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Climate Change Drives Bigger, Wetter Storms — Storms Like Florence

A satellite image from Monday shows Hurricane Florence as it travels west and gains strength in the Atlantic Ocean. Hurricanes Isaac and Helene have also formed off the coast of West Africa.
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A satellite image from Monday shows Hurricane Florence as it travels west and gains strength in the Atlantic Ocean. Hurricanes Isaac and Helene have also formed off the coast of West Africa.

Hurricane Florence is moving relentlessly toward the Southeastern U.S. It's a large, powerful cyclone that will likely bring storm surge and high winds to coastal communities.

But climate scientists say one of the biggest threats posed by Florence is rain.

"Freshwater flooding poses the greatest risk to life," explains James Kossin, an atmospheric scientist for the National Oceanic and Atmospheric Administration and the University of Wisconsin, Madison. And Florence could cause extensive freshwater flooding for two reasons.

First, Florence is moving slowly and could all but stop when it reaches land.

"The storm could be over North Carolina and traveling incredibly slowly — on the order of just a few miles per hour," explains Kossin, who says an official from the city of Charlotte, N.C., contacted him about rainfall projections for that city.

If Florence stalls over the Southeast, it would be reminiscent of Hurricane Harvey, which spent days dumping rain on the Houston region last year. Some areas ended up with more than 60 inches, a catastrophic amount of water that shut down the entire region and resulted in at least 93 deaths.

Slow-moving storms like Harvey are getting more common. A study published earlier this year by Kossin found that tropical cyclones around the world have slowed down 10 percent in the past 70 years.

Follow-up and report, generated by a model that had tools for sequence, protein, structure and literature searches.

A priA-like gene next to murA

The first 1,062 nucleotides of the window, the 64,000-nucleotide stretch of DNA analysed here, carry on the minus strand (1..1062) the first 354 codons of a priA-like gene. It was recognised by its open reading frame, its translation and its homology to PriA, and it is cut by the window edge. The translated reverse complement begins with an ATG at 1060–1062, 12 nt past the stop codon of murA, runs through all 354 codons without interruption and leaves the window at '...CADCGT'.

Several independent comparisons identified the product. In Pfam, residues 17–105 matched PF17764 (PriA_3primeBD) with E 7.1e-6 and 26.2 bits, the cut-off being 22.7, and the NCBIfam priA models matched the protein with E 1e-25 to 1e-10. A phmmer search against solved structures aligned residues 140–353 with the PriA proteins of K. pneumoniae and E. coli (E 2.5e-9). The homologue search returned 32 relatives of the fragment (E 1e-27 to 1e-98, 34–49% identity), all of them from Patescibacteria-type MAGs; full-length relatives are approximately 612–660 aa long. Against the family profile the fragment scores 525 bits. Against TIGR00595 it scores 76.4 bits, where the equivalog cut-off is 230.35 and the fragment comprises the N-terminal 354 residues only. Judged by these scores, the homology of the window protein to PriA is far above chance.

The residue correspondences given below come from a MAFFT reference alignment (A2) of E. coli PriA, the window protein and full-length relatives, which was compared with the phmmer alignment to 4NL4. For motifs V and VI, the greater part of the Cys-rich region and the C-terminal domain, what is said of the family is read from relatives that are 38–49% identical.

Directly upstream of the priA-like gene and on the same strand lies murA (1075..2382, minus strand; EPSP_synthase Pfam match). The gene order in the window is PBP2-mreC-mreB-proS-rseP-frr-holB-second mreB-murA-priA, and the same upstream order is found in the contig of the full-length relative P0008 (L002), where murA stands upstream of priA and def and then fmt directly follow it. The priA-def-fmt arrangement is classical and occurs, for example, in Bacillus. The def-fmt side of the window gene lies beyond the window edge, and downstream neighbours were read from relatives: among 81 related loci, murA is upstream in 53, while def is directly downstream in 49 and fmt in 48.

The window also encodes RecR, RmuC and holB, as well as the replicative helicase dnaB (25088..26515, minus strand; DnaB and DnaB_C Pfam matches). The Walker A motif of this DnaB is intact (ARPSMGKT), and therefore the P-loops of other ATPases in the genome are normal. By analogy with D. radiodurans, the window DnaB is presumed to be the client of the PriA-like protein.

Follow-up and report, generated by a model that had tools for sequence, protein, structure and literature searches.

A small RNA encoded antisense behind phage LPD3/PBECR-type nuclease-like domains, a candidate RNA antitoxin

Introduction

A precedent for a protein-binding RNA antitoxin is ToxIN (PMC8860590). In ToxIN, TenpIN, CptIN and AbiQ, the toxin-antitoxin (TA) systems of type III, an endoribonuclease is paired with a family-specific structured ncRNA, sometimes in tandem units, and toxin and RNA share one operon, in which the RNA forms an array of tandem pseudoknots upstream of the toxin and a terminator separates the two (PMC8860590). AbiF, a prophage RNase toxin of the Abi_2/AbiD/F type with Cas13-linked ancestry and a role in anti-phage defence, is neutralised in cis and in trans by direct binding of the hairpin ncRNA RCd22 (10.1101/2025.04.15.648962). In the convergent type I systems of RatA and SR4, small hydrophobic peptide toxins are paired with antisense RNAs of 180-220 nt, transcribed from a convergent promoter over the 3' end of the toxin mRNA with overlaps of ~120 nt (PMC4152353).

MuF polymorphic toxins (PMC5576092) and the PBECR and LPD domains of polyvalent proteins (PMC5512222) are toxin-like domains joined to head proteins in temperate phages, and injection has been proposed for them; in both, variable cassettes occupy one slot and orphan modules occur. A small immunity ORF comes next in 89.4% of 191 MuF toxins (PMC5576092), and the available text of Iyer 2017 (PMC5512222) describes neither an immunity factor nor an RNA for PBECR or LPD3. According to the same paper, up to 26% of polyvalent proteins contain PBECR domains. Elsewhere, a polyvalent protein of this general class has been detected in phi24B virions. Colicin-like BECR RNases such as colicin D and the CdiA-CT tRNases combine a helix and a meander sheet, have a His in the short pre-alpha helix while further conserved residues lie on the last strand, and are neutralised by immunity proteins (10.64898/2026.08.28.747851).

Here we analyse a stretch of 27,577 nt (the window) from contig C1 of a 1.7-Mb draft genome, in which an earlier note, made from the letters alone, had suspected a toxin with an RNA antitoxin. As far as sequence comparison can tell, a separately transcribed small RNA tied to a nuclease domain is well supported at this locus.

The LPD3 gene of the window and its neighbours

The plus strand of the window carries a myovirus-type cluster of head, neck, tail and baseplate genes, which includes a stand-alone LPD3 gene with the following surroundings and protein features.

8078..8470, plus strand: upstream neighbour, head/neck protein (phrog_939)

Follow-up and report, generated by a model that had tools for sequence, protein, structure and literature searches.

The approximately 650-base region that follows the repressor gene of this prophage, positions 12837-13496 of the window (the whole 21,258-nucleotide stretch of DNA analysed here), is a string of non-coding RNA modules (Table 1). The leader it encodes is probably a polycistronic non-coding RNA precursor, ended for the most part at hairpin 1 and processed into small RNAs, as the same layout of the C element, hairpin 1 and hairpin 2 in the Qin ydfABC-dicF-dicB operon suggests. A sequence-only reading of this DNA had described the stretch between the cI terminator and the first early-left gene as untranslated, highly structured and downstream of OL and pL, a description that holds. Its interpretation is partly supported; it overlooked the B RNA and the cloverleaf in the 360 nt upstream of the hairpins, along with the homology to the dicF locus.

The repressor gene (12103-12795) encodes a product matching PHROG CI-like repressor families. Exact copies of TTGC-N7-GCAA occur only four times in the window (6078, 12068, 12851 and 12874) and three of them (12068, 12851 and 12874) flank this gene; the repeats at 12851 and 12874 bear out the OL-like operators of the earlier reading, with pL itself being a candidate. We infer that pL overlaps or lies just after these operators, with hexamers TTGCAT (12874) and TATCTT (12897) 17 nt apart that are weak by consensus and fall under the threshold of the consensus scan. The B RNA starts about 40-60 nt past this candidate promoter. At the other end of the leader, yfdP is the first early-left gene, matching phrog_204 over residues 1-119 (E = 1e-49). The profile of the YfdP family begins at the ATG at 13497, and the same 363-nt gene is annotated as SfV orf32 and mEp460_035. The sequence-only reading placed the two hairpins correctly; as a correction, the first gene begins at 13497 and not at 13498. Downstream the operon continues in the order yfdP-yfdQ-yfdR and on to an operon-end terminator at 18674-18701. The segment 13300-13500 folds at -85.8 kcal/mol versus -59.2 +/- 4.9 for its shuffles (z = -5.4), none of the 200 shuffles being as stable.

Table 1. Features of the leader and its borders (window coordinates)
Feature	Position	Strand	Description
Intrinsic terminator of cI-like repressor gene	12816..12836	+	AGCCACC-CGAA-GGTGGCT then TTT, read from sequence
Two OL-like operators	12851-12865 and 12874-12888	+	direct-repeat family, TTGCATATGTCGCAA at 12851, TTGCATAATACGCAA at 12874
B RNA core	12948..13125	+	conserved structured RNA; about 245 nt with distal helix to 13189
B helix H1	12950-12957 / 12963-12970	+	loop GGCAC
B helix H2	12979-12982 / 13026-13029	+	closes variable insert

"We're seeing that in every ocean basin except the northern Indian Ocean," says Kossin, possibly because climate change is causing the wind currents that hurricanes ride to slow down. If Florence slows down and stalls when it hits land, it will be the latest example of that trend.

Kevin Trenberth of the National Center for Atmospheric Research in Boulder, Colo., says global warming also affects the size and intensity of storms like Florence.

"We have global warming, and so this actually makes these storms bigger and more intense," he explains. Humans burn fossil fuels in our cars, our power plants and our airplanes, all of which release greenhouse gases that trap heat. Warmer oceans, especially, provide fuel for hurricanes in the form of evaporating moisture.

"The oceans are warmer now than they've ever been, and they're going steadily upwards," Trenberth explains. In a study published in May, he and colleagues found rain from Hurricane Harvey was powered by the highest ocean temperatures ever recorded in the Gulf of Mexico.

Right now, the part of the Atlantic under Florence is slightly warmer than usual, and the area north of the storm is significantly above normal, he says.

Together, the increased size and the slower forward motion of storms like Florence spell potential flood disaster for communities in their path. Florence could be like a faulty sprinkler, stuck watering one area for days on end.

"This idea, first of all, of a very strong hurricane making landfall is always going to be very, very bad news," says Kossin, "but then adding the potential for it to stall out once it hits land — that's a very, very frightening prospect to think about."

Copyright 2020 NPR. To see more, visit https://www.npr.org.

Rebecca Hersher is a reporter on NPR's Science Desk, where she reports on outbreaks, natural disasters, and environmental and health research. Since coming to NPR in 2011, she has covered the Ebola outbreak in West Africa, embedded with the Afghan army after the American combat mission ended, and reported on floods and hurricanes in the U.S. She's also reported on research about puppies. Before her work on the Science Desk, she was a producer for NPR's Weekend All Things Considered in Los Angeles.
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